Technology Working Group


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We would like to thank the officials of Ministry of Health and Family Welfare (MOHFW), New Delhi for their support for providing requisite permissions for integration of CDSS with the Government of India’s National NCD System for piloting in Punjab. We would like to extend our gratitude to Department of Health and Family Welfare, Government of Punjab for providing continuous permissions and support for implementation of I-TREC Project in district Shaheed Bhagat Singh (SBS) Nagar. We would like to sincerely thanks Shri Manoj Jhalani (Additional Secretary & Mission Director, MOHFW); Shri. Rajeev Kumar (Director, NCD, MOHFW); Smt. Vini Mahajan (Chief Secretary, Punjab); Smt. Anjali Bhawra & Shri. Anurag Agarwal (Principal Secretary Health, Punjab); Shri. Kumar Rahul (Mission Director, NHM, Punjab); Dr. G.B. Singh (State Program Officer, NPCDCS, Punjab); Dr. Rajinder Prasad Bhatia (Civil Surgeon, SBS Nagar, Punjab); and Dr. Sukhwinder Singh Hira (District Nodal Officer, NPCDCS, Punjab) for their contribution to the process of development of the I-TREC model of care (2017-2019). We would like to acknowledge the contribution of our technical and implementation partners Sunita Nadhamuni, Mallari Kulkarni, Sruti Sridhar, Kiran Kumar Erugu, and colleagues at Dell Technologies, Bangalore and Drs. Aman Singh and Prashant Pathak at TATA Trust. We would also like to thank Mr. Kushagra Vashist in reviewing the manuscript.


This study is supported in part by the National Heart, Lung, and Blood Institute (NHLBI) of the National Institutes of Health (NIH), award number 5U01HL138635 under the Hypertension Outcomes for T4 Research within Lower Middle-Income Countries (Hy-TREC) program. The content is solely the responsibility of the authors and does not necessarily represent the official views of the NIH.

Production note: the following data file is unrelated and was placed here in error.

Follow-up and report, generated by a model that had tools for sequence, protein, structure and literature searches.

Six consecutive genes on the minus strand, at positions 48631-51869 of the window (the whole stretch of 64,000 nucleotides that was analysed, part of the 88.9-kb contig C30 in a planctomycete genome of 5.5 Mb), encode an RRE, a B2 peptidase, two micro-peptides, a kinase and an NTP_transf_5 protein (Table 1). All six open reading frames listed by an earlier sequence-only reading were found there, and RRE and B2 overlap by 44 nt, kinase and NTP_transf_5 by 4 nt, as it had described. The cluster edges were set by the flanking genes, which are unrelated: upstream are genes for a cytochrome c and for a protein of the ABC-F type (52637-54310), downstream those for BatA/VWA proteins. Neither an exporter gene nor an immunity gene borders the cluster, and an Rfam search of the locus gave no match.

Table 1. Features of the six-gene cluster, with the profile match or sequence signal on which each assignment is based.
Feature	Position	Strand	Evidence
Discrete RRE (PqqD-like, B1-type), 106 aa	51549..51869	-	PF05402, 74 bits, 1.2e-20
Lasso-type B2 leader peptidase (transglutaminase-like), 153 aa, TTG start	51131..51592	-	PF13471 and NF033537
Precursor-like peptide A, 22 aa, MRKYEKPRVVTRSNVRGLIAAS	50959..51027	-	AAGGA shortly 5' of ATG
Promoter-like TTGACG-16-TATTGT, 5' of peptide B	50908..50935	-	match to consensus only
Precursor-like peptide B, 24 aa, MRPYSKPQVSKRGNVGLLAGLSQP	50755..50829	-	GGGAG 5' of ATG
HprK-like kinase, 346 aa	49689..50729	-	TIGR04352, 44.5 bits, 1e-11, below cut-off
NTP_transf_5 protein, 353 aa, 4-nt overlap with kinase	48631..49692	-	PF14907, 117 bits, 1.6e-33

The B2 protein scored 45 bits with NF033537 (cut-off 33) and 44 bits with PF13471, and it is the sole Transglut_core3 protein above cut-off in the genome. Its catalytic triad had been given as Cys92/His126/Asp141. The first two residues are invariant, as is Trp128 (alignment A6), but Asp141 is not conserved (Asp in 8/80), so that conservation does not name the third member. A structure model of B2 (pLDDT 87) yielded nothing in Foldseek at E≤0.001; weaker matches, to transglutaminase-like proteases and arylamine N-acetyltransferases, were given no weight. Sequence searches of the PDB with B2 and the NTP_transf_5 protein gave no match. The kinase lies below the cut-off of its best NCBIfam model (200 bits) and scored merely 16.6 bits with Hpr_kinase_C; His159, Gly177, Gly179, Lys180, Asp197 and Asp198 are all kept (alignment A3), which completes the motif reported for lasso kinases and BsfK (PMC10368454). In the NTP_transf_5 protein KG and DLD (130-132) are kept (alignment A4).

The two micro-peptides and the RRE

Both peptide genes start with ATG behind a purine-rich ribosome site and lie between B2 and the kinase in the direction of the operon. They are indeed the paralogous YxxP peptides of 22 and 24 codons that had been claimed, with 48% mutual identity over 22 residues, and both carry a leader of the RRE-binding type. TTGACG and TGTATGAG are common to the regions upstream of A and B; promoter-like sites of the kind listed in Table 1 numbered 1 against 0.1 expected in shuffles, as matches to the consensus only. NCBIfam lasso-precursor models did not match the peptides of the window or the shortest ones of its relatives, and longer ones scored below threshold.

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Authors and Affiliations



NT, SAP, SM, DP, KMVN, MKA, and MBW conceptualized the program and obtained funding. NT and DJ lead the development of the important components of the intervention. HS, DJ, and RS coordinated the activities for the development and implementation of the intervention. NT, DP, AR, YG, and DJ contributed to clinical algorithms for the intervention. DJ developed the first draft of the manuscript and coordinated revisions. All authors contributed to the development of the intervention and provided intellectual inputs to the manuscript. All authors have approved the final version of the manuscript.

Corresponding author

Correspondence to Devraj Jindal.

Ethics declarations

Ethics approval and consent to participates

The study was reviewed and approved by the ethics committee at All India Institute of Medical Sciences (AIIMS), New Delhi, India (IEC-361/07.07.2017) and the role of researchers at Emory University, Atlanta was deemed Not Human Subjects Research (IRB00098808).

All methods were performed in accordance with the relevant guidelines and regulations by the institute ethics committee at All India Institute of Medical Sciences (AIIMS), New Delhi, India (IEC-361/07.07.2017). Informed consent was obtained from all subjects and/or their legal guardian(s) during all the data collection processes.

Consent for publication

Not applicable.

Competing interests

The authors declare that they have no competing interests.

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Jindal, D., Sharma, H., Gupta, Y. et al. Improving care for hypertension and diabetes in india by addition of clinical decision support system and task shifting in the national NCD program: I-TREC model of care. BMC Health Serv Res 22, 688 (2022).